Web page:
LORAIN — An $85 million electric arc furnace that will result in a near doubling of the number of employees at the city’s Republic Steel plant is scheduled to be activated in the next several months.
Already, 110 new workers have been added to the roster of the East 28th Street complex and that number is expected to grow to 450, according to David Bascone, managing director of administration for Republic’s Lorain works.
“We’ve already made an initial expansion of the workforce,” Bascone said. “We will have a ramp-up period that will take us through part of the winter.’’
The majority of hiring will be done within the next year, Bascone said.
The $85 million electric arc furnace is seen as a key component in the anticipated revival of the city’s once-robust steel industry that has seen the sprawling steel-making complex change hands and names numerous times over the years.
Owned for decades by U.S. Steep Corp., the Republic Steel facility looks to add the remainder of the projected 450 new hires within the next couple of years, Bascone said.
“We will start to activate the furnace during the fourth quarter of the year,” according to Mark Huemme, director of marketing for Republic Steel in Canton. “We’re in the process of pulling it together.”
That hasn’t been easy.
“It’s like every father’s worst Christmas Eve nightmare,’’ he said. “There’s some assembly required.”
Components of the furnace were manufactured in China and shipped to the U.S. for construction.
Some 250 to 300 workers are building the new furnace, which will stand about 50 feet high. It will produce liquid steel that will be sold and shipped by rail cars to U.S. Steel’s Lorain Tubular Operations located next to the Republic Steel plant.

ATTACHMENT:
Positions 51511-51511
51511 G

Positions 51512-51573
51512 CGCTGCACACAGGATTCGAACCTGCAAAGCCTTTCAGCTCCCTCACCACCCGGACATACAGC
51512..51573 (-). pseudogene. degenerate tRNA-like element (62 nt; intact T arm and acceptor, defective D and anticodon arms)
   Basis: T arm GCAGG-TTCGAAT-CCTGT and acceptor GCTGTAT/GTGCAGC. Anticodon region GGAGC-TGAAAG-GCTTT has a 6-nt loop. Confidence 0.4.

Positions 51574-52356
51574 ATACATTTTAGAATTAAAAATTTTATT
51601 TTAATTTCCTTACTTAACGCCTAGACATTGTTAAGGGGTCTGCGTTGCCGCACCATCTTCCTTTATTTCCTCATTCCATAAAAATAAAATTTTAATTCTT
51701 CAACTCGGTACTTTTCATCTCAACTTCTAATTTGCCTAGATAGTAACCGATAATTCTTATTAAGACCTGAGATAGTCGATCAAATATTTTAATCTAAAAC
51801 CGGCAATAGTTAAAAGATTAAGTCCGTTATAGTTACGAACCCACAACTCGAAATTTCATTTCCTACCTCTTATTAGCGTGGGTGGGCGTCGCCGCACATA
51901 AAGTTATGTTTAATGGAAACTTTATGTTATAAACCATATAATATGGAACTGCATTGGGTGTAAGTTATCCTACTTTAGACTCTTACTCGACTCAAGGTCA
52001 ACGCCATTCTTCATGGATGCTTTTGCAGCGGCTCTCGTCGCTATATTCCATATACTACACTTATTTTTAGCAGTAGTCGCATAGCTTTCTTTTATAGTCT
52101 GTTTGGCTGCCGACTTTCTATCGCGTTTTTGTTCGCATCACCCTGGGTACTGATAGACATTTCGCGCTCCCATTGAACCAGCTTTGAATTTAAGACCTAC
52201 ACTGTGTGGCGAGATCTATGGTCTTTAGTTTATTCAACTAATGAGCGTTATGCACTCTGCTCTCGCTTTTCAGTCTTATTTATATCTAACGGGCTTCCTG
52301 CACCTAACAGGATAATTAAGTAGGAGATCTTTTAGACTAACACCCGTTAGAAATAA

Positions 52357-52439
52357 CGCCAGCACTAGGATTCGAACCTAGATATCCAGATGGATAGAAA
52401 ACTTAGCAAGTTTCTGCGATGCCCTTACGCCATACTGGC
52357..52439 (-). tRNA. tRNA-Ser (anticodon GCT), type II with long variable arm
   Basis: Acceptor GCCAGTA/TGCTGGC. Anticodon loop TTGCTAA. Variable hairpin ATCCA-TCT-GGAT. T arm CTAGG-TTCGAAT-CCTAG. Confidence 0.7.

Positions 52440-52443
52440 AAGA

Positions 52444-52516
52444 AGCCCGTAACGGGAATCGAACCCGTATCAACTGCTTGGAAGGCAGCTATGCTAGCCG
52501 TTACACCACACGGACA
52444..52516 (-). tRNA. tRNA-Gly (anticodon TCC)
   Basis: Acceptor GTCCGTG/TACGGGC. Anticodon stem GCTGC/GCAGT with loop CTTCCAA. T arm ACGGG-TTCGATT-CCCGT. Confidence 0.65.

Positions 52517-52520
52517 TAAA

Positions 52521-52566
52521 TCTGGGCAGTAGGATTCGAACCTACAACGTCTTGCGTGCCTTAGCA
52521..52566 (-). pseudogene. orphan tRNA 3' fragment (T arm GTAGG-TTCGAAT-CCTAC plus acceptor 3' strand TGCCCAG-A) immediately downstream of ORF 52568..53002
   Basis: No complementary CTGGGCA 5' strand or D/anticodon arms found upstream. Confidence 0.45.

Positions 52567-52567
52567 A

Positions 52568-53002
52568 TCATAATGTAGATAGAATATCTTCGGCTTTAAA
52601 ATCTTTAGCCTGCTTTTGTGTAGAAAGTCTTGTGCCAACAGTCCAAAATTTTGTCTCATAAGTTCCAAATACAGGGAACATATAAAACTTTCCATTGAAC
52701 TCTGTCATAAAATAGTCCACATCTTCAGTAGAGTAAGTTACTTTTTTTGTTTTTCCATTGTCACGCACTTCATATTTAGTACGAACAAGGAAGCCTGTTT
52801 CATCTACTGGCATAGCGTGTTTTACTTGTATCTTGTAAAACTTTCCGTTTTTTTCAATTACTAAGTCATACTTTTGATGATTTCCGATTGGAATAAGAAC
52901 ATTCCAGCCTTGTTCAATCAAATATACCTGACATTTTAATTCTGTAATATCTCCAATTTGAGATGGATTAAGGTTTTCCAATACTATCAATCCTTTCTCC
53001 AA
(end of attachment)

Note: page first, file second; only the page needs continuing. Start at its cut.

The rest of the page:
There the semi-finished steel will be poured into a casting unit from which solid round pipe emerges that will eventually be used in the drilling of natural gas and oil.
“This project is mainly the result of an increase in demand for natural gas and oil in the energy industry” due largely to the growing popularity of natural gas and oil fracking, Bascone said.
Fracking – a process in which underground rock is broken apart to release oil and natural gas by being blasted with sand and chemically-treated water – has been on the rise in eastern Ohio, Pennsylvania, and New York in recent years.
The controversial practice is presently on hold in New YorkState due to environmental worries over long-term consequences including increased global warming from release of methane gas, and contamination of well water.
An electric arc furnace uses an alternating electric current to produce heat which is passed through steel and other metals for faster, more efficient steel production.
The new furnace is expected to provide in excess of 1 million tons of liquid steel which is produced from melted scrap, Bascone said.
It replaces a blast furnace shut down in 2008 when a growing recession cooled demand for steel products.
Contact Steve Fogarty at 329-7146 or firstname.lastname@example.org.